without any care of the buearacracy. I get a sense of satisfaction knowing I’ve replaced my salary with 1/10th the effort yet still get a good salary and benefits in spite of the middle management pension trolls.Each “job” seems to justify and empower the other.

  9. very soon after reading this post, I read a wonderful short story (that could have been written about me, and you, with a little poetic licence thrown in). It is ‘Self Raising’ by Tania Hershman, and it covers ALL the issues brought up in this post, in literary form (which is what literature and art are supposed to do – reflect our society back to us). It is in the collection of hers called “The White Road and other stories”. She has degrees in science and philosophy of science, and has been a science journalist. I recommend it to help you feel you are not alone.

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  11. Once you go to school to “learn how to analyze and think about things,” you don’t just give it up, even if you no longer do bench research. I really enjoyed the subject of this post, and I too, have thought that if (when) I am finished with my postdoctoral studies, and perhaps chose a career outside of academia, will I stop being a scientist? And it goes even deeper for me–will I mourn the loss of bench work in my life? Will I forget how to manage my projects, think objectively, be able to critically and dispassionately analyze my work? I don’t know… I hope that being a scientist is a part of me that will always be there. And things that I have learned in my 25+ years of schooling will stay with me until I am old and gray.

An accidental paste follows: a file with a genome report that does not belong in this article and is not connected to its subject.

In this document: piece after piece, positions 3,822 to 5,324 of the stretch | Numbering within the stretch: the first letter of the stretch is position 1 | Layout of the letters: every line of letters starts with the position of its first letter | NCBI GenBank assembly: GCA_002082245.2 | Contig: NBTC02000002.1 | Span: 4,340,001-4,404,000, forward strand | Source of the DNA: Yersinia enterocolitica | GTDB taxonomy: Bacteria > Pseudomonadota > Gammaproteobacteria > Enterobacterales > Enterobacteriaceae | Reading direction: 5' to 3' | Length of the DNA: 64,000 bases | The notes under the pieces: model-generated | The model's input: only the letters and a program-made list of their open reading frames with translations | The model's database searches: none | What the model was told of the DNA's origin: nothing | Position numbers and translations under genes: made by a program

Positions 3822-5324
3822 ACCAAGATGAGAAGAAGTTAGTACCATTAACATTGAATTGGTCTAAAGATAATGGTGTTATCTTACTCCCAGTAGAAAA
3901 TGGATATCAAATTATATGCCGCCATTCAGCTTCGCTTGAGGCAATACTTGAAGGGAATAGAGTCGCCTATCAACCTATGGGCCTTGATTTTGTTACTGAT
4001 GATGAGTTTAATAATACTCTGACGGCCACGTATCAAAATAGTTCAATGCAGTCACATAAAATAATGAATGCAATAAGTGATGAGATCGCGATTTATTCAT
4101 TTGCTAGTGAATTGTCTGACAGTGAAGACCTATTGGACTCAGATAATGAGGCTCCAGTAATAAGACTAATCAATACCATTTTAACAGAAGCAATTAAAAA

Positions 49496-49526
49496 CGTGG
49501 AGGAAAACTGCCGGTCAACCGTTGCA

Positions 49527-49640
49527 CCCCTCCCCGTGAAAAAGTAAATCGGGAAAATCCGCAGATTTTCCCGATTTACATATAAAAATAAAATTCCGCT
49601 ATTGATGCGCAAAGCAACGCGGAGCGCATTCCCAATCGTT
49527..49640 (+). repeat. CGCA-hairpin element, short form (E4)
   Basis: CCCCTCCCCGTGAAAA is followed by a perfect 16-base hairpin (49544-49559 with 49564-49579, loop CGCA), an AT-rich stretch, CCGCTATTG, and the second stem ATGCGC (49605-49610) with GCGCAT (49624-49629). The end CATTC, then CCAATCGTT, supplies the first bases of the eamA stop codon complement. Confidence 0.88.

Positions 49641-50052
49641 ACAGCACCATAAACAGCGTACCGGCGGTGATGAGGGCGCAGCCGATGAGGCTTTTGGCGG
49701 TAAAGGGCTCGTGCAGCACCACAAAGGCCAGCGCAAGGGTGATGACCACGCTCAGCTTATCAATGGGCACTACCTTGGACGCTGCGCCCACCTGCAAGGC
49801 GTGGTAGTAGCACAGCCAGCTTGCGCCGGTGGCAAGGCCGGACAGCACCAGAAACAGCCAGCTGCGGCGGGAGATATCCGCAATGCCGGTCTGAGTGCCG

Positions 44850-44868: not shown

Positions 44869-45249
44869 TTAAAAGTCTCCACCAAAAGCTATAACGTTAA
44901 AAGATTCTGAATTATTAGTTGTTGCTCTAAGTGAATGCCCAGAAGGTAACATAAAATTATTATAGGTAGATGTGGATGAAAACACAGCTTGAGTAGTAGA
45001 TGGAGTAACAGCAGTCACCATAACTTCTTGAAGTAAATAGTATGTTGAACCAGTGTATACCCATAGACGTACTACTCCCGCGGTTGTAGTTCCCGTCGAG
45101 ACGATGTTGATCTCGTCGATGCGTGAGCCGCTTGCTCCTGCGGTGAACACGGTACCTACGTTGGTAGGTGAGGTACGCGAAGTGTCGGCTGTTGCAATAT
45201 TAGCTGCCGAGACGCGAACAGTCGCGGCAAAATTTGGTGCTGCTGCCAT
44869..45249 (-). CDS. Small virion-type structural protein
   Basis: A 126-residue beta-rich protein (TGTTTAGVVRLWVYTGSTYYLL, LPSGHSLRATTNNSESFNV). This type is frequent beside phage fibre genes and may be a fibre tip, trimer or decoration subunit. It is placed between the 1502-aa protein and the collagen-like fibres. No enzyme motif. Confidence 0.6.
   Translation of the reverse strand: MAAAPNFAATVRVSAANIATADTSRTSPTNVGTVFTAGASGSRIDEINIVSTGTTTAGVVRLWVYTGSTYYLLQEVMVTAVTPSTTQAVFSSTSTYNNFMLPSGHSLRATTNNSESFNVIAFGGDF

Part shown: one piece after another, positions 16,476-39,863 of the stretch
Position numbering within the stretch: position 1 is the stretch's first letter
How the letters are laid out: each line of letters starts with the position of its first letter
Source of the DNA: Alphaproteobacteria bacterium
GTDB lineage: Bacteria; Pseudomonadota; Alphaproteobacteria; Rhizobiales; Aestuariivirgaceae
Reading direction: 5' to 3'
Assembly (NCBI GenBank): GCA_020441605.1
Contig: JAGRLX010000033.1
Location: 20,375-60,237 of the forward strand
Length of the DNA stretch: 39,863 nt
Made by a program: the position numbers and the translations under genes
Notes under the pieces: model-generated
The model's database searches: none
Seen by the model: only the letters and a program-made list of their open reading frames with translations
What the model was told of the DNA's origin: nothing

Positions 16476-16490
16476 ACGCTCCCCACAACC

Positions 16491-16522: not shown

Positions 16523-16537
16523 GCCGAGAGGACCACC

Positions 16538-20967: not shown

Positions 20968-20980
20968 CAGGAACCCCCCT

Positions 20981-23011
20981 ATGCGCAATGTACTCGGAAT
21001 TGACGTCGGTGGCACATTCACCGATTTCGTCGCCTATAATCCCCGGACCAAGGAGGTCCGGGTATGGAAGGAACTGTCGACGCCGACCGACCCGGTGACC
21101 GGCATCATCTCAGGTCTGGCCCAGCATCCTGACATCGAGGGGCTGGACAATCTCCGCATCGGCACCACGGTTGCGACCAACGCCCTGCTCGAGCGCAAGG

12. I went through exactly this identity crisis after realizing academic research was not what I wanted to do with my PhD. I felt like an imposter answering “I’m a scientist” when people asked what I do, because I work as a university administrator. so for a time, I said, “I’m trained as a scientist” and that made me feel a little better. But I have come around to the same conclusion- I can never NOT be a scientist. It is fundamentally how I view, perceive, and interact with the world. I sometimes say I’m a retired research scientist, sometimes say I’m a non-practicing biologist, sometimes I say “back off man, I’m a scientist” with the lilt of a ghostbuster…